BBC7's Summer Book is a celebration of the extraordinary work of one of the great authors of children's literature, Tove Jansson.
One of Finland's Swedish minority, Jansson's life after success with the Moomin phenomenon was conducted in demi-reclusive homebodiness on an island in the Gulf of Finland.
Tove, of course, is the name of the doomed heroine of the great Gurre poetic cycle by the Danish proto-Symbolist J.P.Jacobsen, one of the great forgotten works of European late Romanticism and immortalised by Schoenberg's magnificent and megalomaniacally huge setting - and Jansson's works share a predilection for nature and loneliness. But they are Romantic on a private level. Indeed they probably have inducted generations of children into the exisential idea of what constitues the private.
Nobody who 'gets' Jansson's work as a child is ever likely to forget them, for they are singularly adult in tone and feel. They are nothing less than Bergmanesque. This ain't Pippi Longstocking territory.
Beyond the Moomin family, all characters, more or less derived from Scandinavian folklore are loners. The WH Davies-derived Snufkin; the fantastically tantrumy midget Little My; and most hauntingly, the swarms of electrically-charged deaf-and-dumb willothewisps called Hattifattener, that can be grown from seeds and are forever asail except for a midsummer (what else?) gathering to worship an aneroid barometer. Equinoctial, pagan, white nights, the poetry of the Stockholm skerries.
The bucolic, petit-bourgeois domesticity of Finn Family Moomintroll (1948) - the Hattifatteners' finest and funniest moment - is analogous to Bergman's Smiles of A Summer Night, as are episodes of Moominsummer Madness , which has Fellini-esque overtones in its tale of a theatre proscenium swept away and recolonised after a summer flood. There are maniacal parkies, hysterics, clowns, rendered in a kind of sub-surreal, rodently bestiary. All the while there are hints of bourgeois repression - Moominpappa, the patriarch, perhaps an affectionate echo of Jansson's sculptor father Viktor, wears a stovepipe hat - and a constant striving against dun-coloured orthodoxy.But much of the rest of Jansson's output is much, much darker, a quietist sigh in an autumnal dusk. Tales from Moominvalley (1962) contains a series of vignettes, with titles like 'The Fillyjonk Who Believed In Disasters', 'The Last Dragon in the World' and 'The Hemulen Who Loved Silence' - almost impossibly sad writing, and even outdoes the heartbreaking, Andersenish story of the lost toy 'Cedric' because of a rare note of sentimentality which creeps in to close the latter. Moominvalley In November is almost unrelievedly miserabilist, and stunning. The Moomins have almost ceased to exist by now, and are treated practically as memories by friends who have previously been marginal characters in other books, and are waiting in rain and cold for the family's return.
It is all pinewoods, lone Friedrichesque figures on Baltic beaches in thin rain, mirroring Nordico-Romantic nature worship and sea worship - one considers the sea-music of Swedish composers from Alfven to Nystroem. Inwardly, it is all reflection - unlike any children's literature this writer knows.
The deceptively calm beauty of Moominland Midwinter (Trollvinter, 1957) uses the cute and smart conceit of the Everyman hero, the young Moomintroll, awaking irreparably from his winter hibernation into the Arctic darkness and having to adapt; the homeliness of the stoves-and-shelves surroundings of FFM alluded to with knowing mastery but they have become shadowy, alien, his sleeping family beings from another world. Very little happens in Moominland Midwinter, save for Moomintroll's slow feeling his way through a world known yet unknown, and evoked with precise, economical and always beautiful prose. In MM you want to turn up the thermostat every time the book is opened.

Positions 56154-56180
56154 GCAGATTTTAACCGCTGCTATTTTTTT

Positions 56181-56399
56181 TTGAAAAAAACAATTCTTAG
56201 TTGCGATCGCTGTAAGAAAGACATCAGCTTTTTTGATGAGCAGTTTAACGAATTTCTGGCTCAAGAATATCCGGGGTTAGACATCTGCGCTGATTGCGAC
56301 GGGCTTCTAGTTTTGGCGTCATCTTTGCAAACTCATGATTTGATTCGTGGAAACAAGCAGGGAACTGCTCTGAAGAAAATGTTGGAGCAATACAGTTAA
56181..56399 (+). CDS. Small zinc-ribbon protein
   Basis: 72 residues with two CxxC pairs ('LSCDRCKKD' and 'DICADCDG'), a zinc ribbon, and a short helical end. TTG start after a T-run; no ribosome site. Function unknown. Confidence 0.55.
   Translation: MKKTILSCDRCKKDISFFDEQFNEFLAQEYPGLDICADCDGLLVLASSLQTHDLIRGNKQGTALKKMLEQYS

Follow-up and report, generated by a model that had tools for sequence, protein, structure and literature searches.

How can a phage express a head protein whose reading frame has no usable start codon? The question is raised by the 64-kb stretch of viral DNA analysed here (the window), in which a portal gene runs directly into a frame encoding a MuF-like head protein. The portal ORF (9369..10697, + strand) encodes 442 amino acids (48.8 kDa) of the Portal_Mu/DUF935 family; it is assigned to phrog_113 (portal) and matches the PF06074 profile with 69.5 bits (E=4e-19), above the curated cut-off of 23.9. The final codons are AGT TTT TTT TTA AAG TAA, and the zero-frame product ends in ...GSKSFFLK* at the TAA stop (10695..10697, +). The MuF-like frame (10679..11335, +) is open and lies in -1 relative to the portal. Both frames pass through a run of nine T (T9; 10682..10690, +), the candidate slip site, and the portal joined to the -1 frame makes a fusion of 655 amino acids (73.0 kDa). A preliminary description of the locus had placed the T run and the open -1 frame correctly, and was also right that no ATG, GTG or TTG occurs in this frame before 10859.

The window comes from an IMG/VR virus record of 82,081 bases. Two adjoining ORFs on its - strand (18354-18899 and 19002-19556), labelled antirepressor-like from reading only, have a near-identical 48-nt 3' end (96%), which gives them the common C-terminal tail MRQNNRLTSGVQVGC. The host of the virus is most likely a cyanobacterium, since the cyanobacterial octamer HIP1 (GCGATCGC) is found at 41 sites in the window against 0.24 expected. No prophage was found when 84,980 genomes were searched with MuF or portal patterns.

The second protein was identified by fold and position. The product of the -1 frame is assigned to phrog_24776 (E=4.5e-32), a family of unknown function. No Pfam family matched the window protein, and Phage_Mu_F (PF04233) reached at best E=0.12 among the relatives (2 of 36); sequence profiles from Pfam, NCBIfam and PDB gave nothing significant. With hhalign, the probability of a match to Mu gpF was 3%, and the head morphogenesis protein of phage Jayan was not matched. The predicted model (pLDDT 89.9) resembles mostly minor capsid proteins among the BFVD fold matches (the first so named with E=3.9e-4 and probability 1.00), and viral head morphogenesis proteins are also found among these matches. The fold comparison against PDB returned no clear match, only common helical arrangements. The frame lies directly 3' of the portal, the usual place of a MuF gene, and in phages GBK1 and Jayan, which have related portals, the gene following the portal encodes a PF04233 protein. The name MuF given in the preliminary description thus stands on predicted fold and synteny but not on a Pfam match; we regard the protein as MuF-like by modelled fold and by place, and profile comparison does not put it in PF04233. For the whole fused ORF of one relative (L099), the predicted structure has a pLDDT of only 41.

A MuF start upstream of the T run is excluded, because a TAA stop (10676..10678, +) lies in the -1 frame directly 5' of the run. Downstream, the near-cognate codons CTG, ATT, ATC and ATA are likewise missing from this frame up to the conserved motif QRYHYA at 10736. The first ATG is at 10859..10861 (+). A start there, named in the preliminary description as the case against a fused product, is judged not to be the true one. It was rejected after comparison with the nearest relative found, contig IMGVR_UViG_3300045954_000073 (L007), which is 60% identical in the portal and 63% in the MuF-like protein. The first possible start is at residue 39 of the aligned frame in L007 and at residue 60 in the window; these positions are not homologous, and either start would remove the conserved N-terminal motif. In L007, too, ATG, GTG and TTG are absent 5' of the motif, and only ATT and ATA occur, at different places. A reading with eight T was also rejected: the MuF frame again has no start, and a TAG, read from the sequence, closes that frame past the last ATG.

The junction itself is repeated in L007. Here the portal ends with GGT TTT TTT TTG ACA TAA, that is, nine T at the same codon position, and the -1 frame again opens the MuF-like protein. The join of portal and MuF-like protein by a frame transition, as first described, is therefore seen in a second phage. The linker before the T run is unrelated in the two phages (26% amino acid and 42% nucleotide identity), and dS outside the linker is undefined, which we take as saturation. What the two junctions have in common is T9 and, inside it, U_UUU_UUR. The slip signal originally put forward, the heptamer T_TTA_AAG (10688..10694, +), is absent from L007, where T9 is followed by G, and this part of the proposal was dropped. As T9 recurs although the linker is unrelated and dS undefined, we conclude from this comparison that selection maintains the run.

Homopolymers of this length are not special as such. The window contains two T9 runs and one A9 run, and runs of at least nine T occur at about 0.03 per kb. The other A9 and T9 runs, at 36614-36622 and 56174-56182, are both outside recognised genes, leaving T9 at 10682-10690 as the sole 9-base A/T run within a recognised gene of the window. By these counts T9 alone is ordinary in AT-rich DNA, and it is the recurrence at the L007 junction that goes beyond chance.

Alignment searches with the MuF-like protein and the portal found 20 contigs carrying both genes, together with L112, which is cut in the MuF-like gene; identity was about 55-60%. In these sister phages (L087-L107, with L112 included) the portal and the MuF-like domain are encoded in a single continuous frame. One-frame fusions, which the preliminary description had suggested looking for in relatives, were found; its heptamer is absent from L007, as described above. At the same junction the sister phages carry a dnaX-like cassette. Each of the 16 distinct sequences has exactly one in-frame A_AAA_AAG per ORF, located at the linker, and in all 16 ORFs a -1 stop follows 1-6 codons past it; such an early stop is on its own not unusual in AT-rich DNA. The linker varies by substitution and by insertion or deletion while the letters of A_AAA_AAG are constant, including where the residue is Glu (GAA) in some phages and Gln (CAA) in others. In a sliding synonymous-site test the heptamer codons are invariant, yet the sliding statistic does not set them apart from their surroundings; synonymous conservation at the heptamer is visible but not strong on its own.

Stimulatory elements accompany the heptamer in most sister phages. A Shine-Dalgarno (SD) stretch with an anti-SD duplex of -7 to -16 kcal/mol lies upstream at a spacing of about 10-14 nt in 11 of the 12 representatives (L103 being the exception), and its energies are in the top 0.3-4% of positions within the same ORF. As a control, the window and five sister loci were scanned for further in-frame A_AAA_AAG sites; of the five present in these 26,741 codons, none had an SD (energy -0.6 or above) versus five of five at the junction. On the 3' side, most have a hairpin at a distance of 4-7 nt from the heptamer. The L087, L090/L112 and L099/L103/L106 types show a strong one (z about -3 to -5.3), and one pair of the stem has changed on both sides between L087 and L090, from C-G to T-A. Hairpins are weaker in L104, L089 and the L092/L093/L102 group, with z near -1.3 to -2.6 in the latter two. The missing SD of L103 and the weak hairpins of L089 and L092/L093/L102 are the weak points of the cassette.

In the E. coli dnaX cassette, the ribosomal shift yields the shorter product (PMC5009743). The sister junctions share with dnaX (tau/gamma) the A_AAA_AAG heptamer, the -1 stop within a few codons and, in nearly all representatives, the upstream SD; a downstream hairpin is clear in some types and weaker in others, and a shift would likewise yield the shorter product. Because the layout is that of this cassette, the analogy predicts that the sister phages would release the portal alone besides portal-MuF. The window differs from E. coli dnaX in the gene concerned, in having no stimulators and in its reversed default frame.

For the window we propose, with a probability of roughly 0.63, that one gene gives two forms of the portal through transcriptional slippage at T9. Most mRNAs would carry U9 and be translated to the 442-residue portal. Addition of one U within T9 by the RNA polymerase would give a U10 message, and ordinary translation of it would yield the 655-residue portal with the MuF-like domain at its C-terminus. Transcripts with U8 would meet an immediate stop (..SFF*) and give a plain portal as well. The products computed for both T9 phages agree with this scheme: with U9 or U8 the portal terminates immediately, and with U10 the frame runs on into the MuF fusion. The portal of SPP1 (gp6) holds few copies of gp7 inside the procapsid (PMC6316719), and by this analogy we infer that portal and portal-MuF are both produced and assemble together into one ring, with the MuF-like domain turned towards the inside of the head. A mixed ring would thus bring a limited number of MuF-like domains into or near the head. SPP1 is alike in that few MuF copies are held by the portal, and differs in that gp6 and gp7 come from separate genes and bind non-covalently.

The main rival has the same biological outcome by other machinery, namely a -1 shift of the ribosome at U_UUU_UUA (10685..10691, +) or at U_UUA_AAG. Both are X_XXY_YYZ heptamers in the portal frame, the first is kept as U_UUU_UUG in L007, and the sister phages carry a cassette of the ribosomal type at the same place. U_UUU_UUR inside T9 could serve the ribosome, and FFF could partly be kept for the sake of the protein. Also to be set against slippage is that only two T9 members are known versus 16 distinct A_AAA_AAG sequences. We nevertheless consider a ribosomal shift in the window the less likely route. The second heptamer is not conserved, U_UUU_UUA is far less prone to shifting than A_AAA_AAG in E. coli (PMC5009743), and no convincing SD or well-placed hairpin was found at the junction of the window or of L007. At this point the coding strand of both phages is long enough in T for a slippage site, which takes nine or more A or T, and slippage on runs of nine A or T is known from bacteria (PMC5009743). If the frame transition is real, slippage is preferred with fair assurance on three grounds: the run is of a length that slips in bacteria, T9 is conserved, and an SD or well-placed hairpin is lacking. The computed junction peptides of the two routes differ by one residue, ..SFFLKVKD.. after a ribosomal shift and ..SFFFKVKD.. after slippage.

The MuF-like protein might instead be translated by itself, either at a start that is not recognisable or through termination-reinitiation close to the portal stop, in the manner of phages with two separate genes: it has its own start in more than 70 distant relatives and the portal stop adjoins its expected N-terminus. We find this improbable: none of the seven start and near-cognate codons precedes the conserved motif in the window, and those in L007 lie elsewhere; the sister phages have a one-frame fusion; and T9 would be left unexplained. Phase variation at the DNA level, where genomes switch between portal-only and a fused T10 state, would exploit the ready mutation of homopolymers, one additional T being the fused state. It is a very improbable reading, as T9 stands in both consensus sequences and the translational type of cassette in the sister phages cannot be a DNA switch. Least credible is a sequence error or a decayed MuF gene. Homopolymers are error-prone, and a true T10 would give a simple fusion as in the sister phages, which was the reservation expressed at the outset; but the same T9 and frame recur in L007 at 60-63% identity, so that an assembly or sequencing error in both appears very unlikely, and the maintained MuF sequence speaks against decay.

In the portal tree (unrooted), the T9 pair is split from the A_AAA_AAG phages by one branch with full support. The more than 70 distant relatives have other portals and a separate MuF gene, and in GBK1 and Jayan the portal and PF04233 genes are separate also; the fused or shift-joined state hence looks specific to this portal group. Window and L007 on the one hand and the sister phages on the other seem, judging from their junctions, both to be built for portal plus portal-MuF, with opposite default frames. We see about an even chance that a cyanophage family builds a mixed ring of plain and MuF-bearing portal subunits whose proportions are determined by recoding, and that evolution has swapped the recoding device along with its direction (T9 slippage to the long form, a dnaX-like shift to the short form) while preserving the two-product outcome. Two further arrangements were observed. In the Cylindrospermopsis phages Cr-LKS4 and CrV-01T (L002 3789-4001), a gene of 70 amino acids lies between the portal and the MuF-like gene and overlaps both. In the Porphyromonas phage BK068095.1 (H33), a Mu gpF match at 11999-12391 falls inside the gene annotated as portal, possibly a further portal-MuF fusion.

Jansson, tenebrous as her worldview might be, is even masterful at handling brightness; her evocation of femininity in the characters of Moominmamma and, most of all, the Snork Maiden, are tender and delightful and even arousing. I didn't know I wanted a girlfriend until, at the age of 9, I read Comet In Moominland, the first, raciest and most Hollywoodian of Jansson's oeuvre (1946, published as Kometjakten, a remnant of a putative film script?) - meteors, giant squids, nutty professors. When I read Jansson's description of the Snork Maiden's character - she changed colour depending on her level of pleasure - I knew things weren't going to be same again. The sensuality of chapter four of Moominsummer Madness - where the Snork Maiden discusses beauty, hair and the necessity of wearing frocks, grooming and sexual display with two other female characters - basically, girl-talk between three adolescents getting dressed - is almost embarrassing.
Tellingly, the enchanting, feisty Snork Maiden appears less and less as the stories darken. She isn't to be found in November or Tales. Nor in the enduring image (Jansson was a fine illustrator) of the Moomin family, staring blankly up at the (no doubt intentionally iconic post-Gibson/Woolf) lighthouse where they spend the whole of the thoroughly strange Moominpappa at Sea (Pappan och havet, Father and the Sea, 1965 - how Bergmanesque is that?). The chill of abandonment, of being watched by Death comes off the pages; this could be The Light at the Edge of the World, or Gibson's Flannan Isle. It's more than both. It is a masterwork.
Bergman for kids? Oh yes. These books scared, moved and spooked me then; they still do now.